Three cheers for Maryland!

Last week the Maryland Public Service Commission released its long-awaited order on several key energy efficiency issues. The decisions in the order placed Maryland in the forefront of national energy efficiency leadership. Several key decisions highlight how important energy efficiency is to the future of the state of Maryland, and the value the Public Service Commission places on using energy efficiency to save customers money, reduce environmental pollution, and reduce utility costs. ACEEE worked closely with a large coalition of energy efficiency advocates to propose recommendations for several of the key issues in the order.

Here are highlights from three key decisions in the order:

2% Annual Savings Goal

The order established a new annual energy savings goal of 2% of baseline retail weather-normalized gross electric sales for each utility, for the five largest electric utilities in the state. Each utility will have until 2020 to reach the 2% annual goal, with a requirement to update 2017 efficiency plans to ramp up 0.2% annually to reach the goal. The new energy savings goal departs significantly from the previous goal, which required utilities to achieve per capita energy savings of 15% by 2015. The 2% goal puts Maryland in line with other leading states, such as Massachusetts, Rhode Island, Arizona, and Vermont, in terms of energy savings targets.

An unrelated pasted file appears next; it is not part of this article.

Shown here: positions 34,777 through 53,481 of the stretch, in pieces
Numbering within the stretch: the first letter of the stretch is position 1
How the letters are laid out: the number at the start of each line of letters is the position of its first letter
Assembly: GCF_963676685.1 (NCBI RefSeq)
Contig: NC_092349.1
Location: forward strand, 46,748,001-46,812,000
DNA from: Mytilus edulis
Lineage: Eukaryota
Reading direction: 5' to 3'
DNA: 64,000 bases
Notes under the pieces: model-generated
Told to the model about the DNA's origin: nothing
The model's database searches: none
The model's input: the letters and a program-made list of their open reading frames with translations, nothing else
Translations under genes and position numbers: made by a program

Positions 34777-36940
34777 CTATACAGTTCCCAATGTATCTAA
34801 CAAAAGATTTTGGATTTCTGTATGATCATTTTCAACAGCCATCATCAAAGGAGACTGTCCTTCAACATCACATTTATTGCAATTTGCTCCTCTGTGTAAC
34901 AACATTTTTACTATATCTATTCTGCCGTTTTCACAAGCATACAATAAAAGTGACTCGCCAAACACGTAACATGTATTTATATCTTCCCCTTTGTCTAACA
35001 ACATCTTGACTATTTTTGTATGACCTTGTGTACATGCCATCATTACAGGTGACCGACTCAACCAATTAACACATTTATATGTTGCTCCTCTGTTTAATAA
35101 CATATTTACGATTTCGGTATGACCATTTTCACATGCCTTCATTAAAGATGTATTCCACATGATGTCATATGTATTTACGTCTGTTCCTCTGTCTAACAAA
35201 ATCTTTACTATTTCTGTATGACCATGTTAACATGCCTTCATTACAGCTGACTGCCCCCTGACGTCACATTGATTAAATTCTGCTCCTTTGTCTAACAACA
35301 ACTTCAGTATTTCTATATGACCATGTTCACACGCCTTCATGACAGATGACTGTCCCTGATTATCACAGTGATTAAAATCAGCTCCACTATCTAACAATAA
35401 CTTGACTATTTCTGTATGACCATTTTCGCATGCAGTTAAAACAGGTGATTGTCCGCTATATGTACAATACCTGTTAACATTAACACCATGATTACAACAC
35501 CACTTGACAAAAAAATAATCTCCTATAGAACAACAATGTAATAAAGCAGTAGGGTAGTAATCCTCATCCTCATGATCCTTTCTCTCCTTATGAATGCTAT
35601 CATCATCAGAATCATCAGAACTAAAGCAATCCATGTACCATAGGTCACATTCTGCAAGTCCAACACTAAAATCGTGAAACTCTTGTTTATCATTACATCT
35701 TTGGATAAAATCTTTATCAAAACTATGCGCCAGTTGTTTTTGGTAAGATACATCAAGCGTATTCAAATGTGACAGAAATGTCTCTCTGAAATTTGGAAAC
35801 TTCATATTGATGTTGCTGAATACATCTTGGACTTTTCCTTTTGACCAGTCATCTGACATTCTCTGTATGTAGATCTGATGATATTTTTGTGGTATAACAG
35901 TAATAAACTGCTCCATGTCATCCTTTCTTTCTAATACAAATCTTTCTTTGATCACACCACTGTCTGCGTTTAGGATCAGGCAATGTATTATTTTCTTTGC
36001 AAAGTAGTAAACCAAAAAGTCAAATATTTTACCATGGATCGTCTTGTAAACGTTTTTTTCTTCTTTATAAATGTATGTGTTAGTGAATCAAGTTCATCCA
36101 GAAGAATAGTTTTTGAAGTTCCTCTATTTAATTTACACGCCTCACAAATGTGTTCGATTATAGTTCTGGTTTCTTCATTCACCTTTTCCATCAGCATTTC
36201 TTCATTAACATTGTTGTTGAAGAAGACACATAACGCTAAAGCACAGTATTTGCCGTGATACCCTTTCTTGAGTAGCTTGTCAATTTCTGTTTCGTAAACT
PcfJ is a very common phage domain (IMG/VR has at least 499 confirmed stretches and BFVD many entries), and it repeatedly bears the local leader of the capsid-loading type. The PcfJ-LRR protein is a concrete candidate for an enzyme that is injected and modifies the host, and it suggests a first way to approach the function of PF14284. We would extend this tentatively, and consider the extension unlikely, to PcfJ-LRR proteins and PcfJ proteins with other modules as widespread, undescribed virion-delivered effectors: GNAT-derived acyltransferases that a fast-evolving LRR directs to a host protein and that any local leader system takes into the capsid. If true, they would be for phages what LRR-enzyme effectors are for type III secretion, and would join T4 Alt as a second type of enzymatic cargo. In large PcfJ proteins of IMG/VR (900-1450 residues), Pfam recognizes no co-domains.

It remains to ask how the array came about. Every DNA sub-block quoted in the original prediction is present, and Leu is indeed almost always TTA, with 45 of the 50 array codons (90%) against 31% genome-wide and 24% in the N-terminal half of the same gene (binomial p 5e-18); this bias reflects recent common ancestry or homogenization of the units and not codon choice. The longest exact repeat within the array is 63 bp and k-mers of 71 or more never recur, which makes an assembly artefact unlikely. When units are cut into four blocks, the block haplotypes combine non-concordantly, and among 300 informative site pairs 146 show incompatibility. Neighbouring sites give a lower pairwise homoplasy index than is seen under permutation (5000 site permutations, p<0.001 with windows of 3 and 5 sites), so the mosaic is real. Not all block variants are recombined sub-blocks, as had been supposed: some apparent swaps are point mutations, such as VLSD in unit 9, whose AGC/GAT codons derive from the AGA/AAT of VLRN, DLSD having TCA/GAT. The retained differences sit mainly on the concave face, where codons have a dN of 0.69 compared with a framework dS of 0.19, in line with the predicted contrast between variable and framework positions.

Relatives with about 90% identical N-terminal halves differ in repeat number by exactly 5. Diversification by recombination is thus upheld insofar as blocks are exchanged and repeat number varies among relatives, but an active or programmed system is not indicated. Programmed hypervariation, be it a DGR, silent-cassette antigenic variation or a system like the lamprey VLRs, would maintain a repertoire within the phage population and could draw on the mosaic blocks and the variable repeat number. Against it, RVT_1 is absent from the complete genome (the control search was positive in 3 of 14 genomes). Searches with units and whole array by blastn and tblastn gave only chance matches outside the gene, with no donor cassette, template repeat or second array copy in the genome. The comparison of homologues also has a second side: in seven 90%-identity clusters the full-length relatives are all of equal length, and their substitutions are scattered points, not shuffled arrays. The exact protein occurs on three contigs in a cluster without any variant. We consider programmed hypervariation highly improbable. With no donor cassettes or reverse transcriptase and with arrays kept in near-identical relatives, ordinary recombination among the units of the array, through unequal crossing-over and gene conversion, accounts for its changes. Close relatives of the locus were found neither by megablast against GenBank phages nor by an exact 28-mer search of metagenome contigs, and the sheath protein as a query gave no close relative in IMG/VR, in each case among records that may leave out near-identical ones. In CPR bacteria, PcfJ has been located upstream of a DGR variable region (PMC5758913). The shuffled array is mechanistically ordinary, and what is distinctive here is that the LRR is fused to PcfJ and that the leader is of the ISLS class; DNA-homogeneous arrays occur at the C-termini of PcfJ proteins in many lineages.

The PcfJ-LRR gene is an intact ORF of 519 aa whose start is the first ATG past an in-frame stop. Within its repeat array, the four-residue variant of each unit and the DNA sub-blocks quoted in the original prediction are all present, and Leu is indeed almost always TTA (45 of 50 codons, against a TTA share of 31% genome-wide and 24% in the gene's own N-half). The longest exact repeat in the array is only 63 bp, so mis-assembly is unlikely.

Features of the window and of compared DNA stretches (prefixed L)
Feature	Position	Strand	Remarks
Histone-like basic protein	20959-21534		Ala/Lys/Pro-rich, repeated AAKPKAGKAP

Cost Effectiveness Standards

The order also established new standards for testing programs for cost effectiveness. The cost effectiveness rules are critical because these tests produce one of the metrics that determine which programs a utility will offer. Previously, Maryland primarily relied on the total resource cost test to screen programs. Now, the societal cost test will also be used to evaluate programs. This test considers costs and benefits of a program from a societal perspective and is not as limited as the total resource cost test, which only includes a narrow list of benefits. In short, the societal cost test is a better indicator of the value of energy efficiency programs because it considers a broader perspective. The societal cost test will also rely on a different discount rate than the total resource cost test. A discount rate is used to calculate the benefits of a program in the future and is an extremely important part of the program screening process. If the discount rate is too high, the benefits in later years will appear to be less than they really are. The societal test will use a lower discount rate meant to represent the value of future benefits from a societal prospective. A lower discount rate is also better in this case because it reflects the reduced level of risk a utility takes on when making investments in energy efficiency...

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